Alexander Borodai, the self-declared prime minister of eastern Ukraine’s secessionist Donetsk People’s Republic, is a Russian citizen from Moscow. A trained political scientist and “conflictologist” he describes himself as a patriot; the ringtone on his phone is the Russian national anthem.
Mr Borodai took power last week with the help of the Vostok Battalion, a fighting force including many Chechens that swept squatters, looters, and other ragtag revolutionaries out of Donetsk’s occupied regional administrative building, demolished barricades outside, and erected checkpoints around the town.
The arrival of the better armed, better organised fighters signalled a new and ostensibly more orderly phase in eastern Ukraine’s three-month-old separatist revolt, in which Russian citizens now operate openly. Mr Borodai’s retinue includes swarthy armed security men and consultants with Caucasian accents or surnames.
When asked about his mission in eastern Ukraine, Mr Borodai told the Financial Times in an interview: “Our goal is to restore maximum order to the Donetsk People’s Republic – to create more effective structures of power.”
Mr Borodai is the new, proudly Russian face for a heterogeneous, often disorderly revolt in which separatists always had some degree of open or covert Russian support but things did not always go to Moscow’s apparent plan.
Andriy Parubiy, Ukraine’s national security chief, told the FT last week that rebels were being trained and financed by Russia, including at a base near Rostov-on-Don, just over the Russian border – part of a “hybrid war”, in which Russia does not intervene directly, but actively helps insurgents.
Mr Borodai’s résumé includes a stint as a political adviser for Sergey Aksyonov, the separatist prime minister of Crimea, which Russia annexed from Ukraine in April.
However, he insisted that he and other Russians now active in eastern Ukraine were private citizens and volunteers funded by private Russian donors, not Kremlin agents.
He said that the Vostok Battalion active in Donetsk was “not the same” as the military formation of the same name formed in 1999 in Chechnya, which had support from Russia’s military intelligence service, the GRU.
The force in Donetsk, he said, did include some volunteers from Chechnya, other parts of the northern Caucasus and Russia, including Moscow and the eastern parts of Russia, but was “first and foremost . . . formed from locals”.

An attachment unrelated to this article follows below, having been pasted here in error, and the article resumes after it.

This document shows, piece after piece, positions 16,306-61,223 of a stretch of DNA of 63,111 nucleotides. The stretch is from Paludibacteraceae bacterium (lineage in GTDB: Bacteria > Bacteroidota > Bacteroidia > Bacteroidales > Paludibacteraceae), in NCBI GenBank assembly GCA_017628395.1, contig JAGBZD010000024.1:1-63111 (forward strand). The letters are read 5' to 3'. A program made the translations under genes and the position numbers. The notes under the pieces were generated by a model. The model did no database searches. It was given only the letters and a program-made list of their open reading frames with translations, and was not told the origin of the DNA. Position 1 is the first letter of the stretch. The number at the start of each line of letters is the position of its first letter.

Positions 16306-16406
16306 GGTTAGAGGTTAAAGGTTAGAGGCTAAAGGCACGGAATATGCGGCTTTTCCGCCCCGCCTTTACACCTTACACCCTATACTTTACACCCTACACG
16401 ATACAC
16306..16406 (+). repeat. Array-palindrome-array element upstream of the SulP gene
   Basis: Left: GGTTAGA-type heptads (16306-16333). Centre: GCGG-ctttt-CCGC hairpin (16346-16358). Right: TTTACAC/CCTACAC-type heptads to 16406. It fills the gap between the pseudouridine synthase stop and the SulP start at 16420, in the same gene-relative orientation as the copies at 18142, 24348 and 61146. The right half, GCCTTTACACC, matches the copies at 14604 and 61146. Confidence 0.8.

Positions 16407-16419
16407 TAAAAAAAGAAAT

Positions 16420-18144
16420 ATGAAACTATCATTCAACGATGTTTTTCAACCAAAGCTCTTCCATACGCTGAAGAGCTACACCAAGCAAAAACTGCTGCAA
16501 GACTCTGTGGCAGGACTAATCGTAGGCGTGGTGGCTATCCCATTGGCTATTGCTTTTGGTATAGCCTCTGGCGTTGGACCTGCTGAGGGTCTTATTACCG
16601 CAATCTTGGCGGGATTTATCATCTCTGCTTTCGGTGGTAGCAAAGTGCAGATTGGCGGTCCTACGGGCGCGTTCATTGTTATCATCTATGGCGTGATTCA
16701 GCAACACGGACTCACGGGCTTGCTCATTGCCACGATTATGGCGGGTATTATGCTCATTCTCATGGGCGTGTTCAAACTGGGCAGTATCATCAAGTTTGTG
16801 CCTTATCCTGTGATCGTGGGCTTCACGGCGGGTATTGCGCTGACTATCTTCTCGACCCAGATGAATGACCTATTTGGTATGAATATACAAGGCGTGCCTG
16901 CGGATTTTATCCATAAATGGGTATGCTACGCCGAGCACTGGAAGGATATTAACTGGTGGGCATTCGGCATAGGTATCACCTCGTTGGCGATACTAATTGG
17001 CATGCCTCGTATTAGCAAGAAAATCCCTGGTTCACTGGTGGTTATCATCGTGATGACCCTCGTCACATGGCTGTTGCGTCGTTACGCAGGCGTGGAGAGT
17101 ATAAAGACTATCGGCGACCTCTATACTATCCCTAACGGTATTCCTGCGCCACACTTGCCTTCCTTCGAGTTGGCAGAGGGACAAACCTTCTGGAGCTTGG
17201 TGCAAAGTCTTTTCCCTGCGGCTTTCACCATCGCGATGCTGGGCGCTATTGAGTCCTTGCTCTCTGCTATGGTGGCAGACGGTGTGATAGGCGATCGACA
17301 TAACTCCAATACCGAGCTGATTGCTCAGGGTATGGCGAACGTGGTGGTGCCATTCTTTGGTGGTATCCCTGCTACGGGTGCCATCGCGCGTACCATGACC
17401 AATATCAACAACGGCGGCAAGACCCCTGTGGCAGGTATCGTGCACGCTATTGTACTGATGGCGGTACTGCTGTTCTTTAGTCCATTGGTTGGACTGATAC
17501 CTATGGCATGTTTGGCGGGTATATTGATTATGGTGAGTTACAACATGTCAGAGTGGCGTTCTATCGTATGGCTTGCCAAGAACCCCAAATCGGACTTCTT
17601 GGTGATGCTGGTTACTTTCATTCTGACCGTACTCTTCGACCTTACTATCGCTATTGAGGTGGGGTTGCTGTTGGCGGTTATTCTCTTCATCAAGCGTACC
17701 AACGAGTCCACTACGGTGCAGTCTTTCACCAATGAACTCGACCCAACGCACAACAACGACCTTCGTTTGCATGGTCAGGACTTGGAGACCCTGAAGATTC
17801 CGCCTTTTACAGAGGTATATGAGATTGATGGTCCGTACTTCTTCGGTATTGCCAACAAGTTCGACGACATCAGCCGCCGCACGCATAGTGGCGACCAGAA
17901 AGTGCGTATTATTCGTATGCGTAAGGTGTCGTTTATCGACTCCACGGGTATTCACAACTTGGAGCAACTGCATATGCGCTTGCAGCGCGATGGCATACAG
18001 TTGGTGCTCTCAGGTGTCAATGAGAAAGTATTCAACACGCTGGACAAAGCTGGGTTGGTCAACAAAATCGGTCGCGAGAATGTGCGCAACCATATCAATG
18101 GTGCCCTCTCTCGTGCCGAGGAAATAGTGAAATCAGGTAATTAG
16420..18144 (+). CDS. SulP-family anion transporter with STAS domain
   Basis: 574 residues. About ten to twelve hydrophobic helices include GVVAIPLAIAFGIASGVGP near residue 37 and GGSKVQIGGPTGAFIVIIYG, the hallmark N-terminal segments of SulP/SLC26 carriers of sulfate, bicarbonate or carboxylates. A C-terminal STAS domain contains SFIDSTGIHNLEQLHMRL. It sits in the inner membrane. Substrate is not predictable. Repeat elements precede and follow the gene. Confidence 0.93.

“By conviction I consider myself a Russian patriot, as are a lot of other volunteers who came here and took up guns,” he said.
“The main difference between me and the other Russian volunteers are that my professional skills and connections are more needed here; that’s why I don’t carry a gun in my hands.”
Mr Borodai does, however, carry a pistol in a holster on the hip of his jeans.
Analysts describe Mr Borodai as an emblematic figure in eastern Ukraine’s revolt, which has been less smoothly organised or co-ordinated from Moscow than the secessionist unrest that preceded Russia’s takeover of Crimea.
“Borodai is an example of a combined self-propelled and Moscow-encouraged figure,” said Mark Galeotti, a New York University professor who specialises in Russian security issues. His arrival, he said, is a sign “Russia is trying to reassert some control” in Donetsk.
The 41-year-old Mr Borodai has conservative credentials that date back to the 1990s, when he worked for the Russian ultranationalist newspaper Zavtra. The publication’s editors, once marginalised, have recently reappeared on regular state TV as their views and the Kremlin’s edged closer.
In Moscow, Mr Borodai also worked as a consultant for Konstantin Malofeyev, a Russian Orthodox private equity magnate who has gained financial and political clout in recent years as conservative beliefs gained greater influence in Russia.
When asked under what circumstances he came to eastern Ukraine, Mr Borodai said he was invited by Igor Strelkov, the Russian military commander based in Slavyansk who Ukrainian officials claim is a Russian military intelligence agent.
“I knew him from a long time ago, from the 1990s, when we fought together in Transnistria,” the breakaway Russian region of Moldova. He said he knew Mr Strelkov, who goes by the nom de guerre Strelok (“shooter”) from other “hot zones” as well.
“I know some people in the Russian political elite,” he said, when pressed on whether he was being advised from Moscow, but declined to give names.
He said he was well-versed in affairs in Ukraine, where “big business and politics are strongly connected”. In Moscow, he said, he had got to know Denis Pushilin, the head of Donetsk’s self-proclaimed legislature.
Mr Borodai said he supported Mr Pushilin’s call for Donetsk and Lugansk to be incorporated into Russia, and that of other willing eastern Ukrainian regions as well, but suggested that this might not happen soon.
“Of course, this is our maximal programme for Donbass: to join the Lugansk and Donetsk People’s Republics to the Russian Federation,” he said.
However, with Russia facing western economic sanctions which might be expanded, Russia faced enough threats to its economic security to incorporate depressed regions of eastern Ukraine now.
“The risks to the Russian Federation’s economy will be very big if they take them in now,” he said.
Additional reporting by Courtney Weaver in Moscow and Roman Olearchyk in Kiev
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